The Constantina Fire burning in Long Valley, Calif., in 2010, very likely started in cheatgrass.
Courtesy of Nolan Preece

Originally published on Wed December 5, 2012 6:36 pm

Cheatgrass is about as Western as cowboy boots and sagebrush. It grows in yellowish clumps, about knee high to a horse, and likes arid land.

One thing cheatgrass does is burn — in fact, more easily than anyone realized. That's the conclusion from a new study that says cheatgrass is making Western wildfires worse.

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Around the Nation
4:35 pm
Wed December 5, 2012

Texas Twang Fixin' To Ride Off Into The Sunset

Lyndon Johnson, then the vice president-elect, with a prize-winning Hereford bull on his ranch near Johnson City, Texas, in 1960. Linguists say the twang that has long been synonymous with Texans is fading.
AP

Originally published on Wed December 5, 2012 8:25 pm

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It's All Politics
4:30 pm
Wed December 5, 2012

Celebrities And The Senate: Would Ashley Judd Stand A Chance?

Ashley Judd acknowledges the crowd during a University of Kentucky Wildcats basketball game at Rupp Arena in Lexington, Ky., in January.
Andy Lyons Getty Images

Originally published on Wed December 5, 2012 4:48 pm

Could an actress and political activist with no electoral experience give the Senate's top Republican a race in very red Kentucky?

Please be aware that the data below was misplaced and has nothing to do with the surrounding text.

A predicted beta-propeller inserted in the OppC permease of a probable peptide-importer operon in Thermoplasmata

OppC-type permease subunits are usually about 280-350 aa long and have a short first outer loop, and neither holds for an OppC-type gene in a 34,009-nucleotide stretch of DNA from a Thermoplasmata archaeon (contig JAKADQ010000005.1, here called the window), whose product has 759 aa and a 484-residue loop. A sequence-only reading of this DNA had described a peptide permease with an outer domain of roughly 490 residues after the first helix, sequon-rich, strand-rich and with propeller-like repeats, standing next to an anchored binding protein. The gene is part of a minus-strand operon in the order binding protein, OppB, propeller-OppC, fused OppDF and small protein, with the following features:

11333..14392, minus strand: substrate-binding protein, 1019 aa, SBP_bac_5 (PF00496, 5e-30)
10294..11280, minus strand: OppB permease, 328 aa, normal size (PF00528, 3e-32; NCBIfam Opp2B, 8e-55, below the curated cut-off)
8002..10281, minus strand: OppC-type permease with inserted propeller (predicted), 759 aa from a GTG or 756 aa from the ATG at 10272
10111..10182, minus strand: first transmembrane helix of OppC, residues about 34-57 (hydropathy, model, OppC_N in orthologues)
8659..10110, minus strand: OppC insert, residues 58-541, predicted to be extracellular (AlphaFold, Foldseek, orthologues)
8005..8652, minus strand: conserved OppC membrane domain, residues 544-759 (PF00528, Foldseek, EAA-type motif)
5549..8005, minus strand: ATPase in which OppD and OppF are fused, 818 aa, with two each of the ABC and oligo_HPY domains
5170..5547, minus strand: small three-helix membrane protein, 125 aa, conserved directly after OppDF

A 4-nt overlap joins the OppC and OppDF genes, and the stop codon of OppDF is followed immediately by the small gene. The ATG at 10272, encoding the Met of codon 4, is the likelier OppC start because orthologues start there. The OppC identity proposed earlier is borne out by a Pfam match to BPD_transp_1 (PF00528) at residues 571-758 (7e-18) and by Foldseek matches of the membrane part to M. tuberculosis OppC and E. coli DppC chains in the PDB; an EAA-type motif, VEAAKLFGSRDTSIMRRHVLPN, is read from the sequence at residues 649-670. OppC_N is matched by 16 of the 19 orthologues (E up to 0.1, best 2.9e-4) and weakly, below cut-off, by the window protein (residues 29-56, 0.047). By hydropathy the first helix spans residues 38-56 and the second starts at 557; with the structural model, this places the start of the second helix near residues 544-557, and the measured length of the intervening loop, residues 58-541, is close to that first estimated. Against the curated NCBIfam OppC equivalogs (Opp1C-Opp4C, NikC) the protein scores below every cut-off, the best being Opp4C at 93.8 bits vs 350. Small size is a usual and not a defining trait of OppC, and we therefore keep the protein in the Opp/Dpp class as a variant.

It would be a long shot, say political experts, even though Ashley Judd has deep roots in the state, calling herself an "at least 8th generation Eastern Kentuckian."

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The Two-Way
4:24 pm
Wed December 5, 2012

Jets' Coach Rex Ryan Sticks By His Man: Mark Sanchez Will Start Sunday

Quarterback Mark Sanchez of the New York Jets looks on near the end of the game against the New England Patriots Nov. 22.
Rich Schultz Getty Images

Originally published on Wed December 5, 2012 4:57 pm

If there is one decision football fans have argued over intensely over the past few months is whether embattled Jets' quarterback Mark Sanchez should be allowed to start another game.

During his previous outing, Rex Ryan, the team's coach, pulled him late in the third quarter, after the home crowd booed him mercilessly after a disasterous performance in which he completed 10 of 21 passes for 97 yards.

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Middle East
3:59 pm
Wed December 5, 2012

Israel, Christians Negotiate The Price Of Holy Water

Patriarch Theophilos III, the Greek Orthodox patriarch of Jerusalem (center), splashes holy water toward worshippers after the washing of the feet ceremony in front of the Church of the Holy Sepulcher in Jerusalem in 2009, during Easter celebrations. A crisis was narrowly averted recently when the church's $2.3 million water bill was waived.
Gali Tibbon AFP/Getty Images

Originally published on Fri December 14, 2012 9:13 am

One of the holiest sites in Christendom has also been one of the most contested. The Church of the Holy Sepulcher in Jerusalem lies on the site where Jesus Christ is said to have been crucified and buried.

Multiple Christian denominations share the church uneasily, and clerics sometimes come to blows over the most minor of disputes. The Roman Catholic, Greek Orthodox, Armenian Apostolic, Coptic Orthodox, Ethiopian Orthodox and the Syriac Orthodox all have a presence in the church.